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SHINOBI 2 REVIEW - November 1992

The original GG Shinobi was one of the grooviest and most popular Game Gear games around, so it's not much of a surprise to see a sequel appearing.

Even less of a surprise is finding that it follows more or less exactly the same theme as the first one, with platforms to leap, bad guys to slice up and stuff to rescue. On this particular occasion, as if it mattered, you're after five differently-coloured crystals, one of which is in the safe keeping of the guardian of each of five different scrolling platform levels. Your laughably straightforward task is to simply get to the end of each level, enabling you to take on the boss, then kill 'im and move onto the next one.

Unfortunately, 'laughably' straightforward' is exactly what Shinobi 2 is - the platform levels are so easy that you'll polish off every one of them inside two or three attempts. They're not all that big, but more importantly they're not all that baddie-packed either, which means that the only thing standing between you and the end of the stage is a matter of navigating your way through. Unlike most games of this nature, there aren't even sub-sections to each stage - it's one level and one level only. So you'll finish the game in half an hour, right? Wrong. Although the platform stages themselves are very very simple, the bosses at the end of them are very very nasty indeed - they're fast, they're heavily-armed, they're extremely vicious and they take an awful lot of punishment before they give up their prize. It's a bit of a funny approach to difficulty, this. Most Sega games that we see here these days do it the other way around, with stressful levels followed by relatively weedy guardians so that all your hard work doesn't go frustratingly to waste - look at Sonic or Sonic 2 for examples - but here you'll spend a lot of time doing the platform levels over and over again after you lose all your lives on a boss, which is a bit of a downer. Then again, maybe that's just the game's way of compensating for the small quantity of platforming fun included in it - there might not be many platforms, but you're certainly going to get to see plenty of the ones that there are...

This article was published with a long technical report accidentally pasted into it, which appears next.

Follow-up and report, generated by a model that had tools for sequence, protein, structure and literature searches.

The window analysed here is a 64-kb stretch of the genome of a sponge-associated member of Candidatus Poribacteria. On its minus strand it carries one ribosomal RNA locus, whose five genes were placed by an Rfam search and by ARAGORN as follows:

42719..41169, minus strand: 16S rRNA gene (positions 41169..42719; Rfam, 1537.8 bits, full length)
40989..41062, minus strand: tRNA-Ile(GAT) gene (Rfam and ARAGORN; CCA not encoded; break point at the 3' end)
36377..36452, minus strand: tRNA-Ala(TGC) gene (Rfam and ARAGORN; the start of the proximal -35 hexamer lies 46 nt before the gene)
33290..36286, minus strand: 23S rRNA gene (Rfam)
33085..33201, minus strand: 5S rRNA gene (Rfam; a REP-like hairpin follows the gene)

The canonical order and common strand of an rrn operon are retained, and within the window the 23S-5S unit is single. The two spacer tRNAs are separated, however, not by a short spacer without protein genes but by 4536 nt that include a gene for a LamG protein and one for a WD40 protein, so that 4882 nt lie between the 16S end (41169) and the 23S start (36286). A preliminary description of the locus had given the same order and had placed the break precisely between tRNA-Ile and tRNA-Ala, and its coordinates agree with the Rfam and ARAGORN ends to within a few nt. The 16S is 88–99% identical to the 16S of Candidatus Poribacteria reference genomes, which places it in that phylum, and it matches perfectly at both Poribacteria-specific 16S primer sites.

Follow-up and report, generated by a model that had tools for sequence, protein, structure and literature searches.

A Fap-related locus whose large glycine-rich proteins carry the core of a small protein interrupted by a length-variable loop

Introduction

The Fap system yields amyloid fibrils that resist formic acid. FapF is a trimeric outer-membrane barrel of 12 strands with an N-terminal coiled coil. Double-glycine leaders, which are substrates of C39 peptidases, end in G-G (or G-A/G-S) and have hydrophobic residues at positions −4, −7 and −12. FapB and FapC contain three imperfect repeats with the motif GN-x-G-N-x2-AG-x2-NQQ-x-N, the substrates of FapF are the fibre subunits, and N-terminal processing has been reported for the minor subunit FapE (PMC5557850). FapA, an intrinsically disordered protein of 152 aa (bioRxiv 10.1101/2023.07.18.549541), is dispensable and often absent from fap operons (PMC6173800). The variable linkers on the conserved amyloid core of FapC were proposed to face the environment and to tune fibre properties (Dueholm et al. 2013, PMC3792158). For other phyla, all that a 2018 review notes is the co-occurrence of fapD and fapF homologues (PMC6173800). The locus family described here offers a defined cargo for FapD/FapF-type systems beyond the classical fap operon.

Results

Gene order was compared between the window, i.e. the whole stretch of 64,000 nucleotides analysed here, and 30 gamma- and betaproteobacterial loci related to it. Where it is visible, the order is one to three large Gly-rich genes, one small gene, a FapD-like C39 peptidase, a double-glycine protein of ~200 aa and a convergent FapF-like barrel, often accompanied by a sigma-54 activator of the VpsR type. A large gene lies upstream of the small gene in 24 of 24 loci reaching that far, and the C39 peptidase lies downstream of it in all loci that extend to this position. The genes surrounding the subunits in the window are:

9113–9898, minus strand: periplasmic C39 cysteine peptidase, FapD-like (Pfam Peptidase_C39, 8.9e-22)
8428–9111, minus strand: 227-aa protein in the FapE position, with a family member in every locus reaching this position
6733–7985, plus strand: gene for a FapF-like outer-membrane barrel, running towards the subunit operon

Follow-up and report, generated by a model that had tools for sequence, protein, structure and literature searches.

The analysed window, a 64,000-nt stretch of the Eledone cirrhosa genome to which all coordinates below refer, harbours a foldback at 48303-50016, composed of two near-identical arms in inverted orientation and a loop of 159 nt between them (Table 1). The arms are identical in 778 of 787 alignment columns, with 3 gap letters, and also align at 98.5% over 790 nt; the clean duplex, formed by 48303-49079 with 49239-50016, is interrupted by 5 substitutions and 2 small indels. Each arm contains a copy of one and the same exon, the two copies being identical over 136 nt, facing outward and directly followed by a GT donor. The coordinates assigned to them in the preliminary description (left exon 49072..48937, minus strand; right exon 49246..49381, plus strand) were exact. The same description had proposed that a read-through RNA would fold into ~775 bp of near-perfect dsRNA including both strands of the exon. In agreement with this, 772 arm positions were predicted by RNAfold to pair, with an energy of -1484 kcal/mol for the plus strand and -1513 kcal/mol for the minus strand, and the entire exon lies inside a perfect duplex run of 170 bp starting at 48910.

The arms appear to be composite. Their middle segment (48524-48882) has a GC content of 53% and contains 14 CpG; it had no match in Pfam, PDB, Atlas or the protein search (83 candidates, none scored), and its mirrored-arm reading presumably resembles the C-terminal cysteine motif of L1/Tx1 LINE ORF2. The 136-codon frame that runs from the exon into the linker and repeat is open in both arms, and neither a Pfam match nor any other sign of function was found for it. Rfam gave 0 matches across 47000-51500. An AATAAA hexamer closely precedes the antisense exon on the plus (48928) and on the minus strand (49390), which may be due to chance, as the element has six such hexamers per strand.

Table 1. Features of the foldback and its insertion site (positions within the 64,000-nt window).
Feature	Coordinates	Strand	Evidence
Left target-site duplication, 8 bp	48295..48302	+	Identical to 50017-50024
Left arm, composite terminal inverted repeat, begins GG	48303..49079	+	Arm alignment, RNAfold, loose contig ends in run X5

Even with the nasty bosses, though, spirited persistence will see you to the end of Shinobi 2 inside a couple of days at the very outside. A terrible rating, then? Wrong again. This is one of those elusive games that everything claims to be but so few really are - one that you'll come back to and play again even after you've finished it. It's so beautifully put together and entertainingly playable that the fun comes from the taking part rather than the winning. If you like a challenge from your games steer well clear, but if you're just after a bit of fun, it'll do you nicely.


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Lovely graphics

Smooth control

Lots of atmosphere

Varied scenery

Some imaginative baddies


A bit on the small side

...and miles too easy

...but the bosses are annoyingly tough


A really enjoyable little game, but it's far too easy for its own good. You'll be through it in no time at all, but at least you'll enjoy doing it.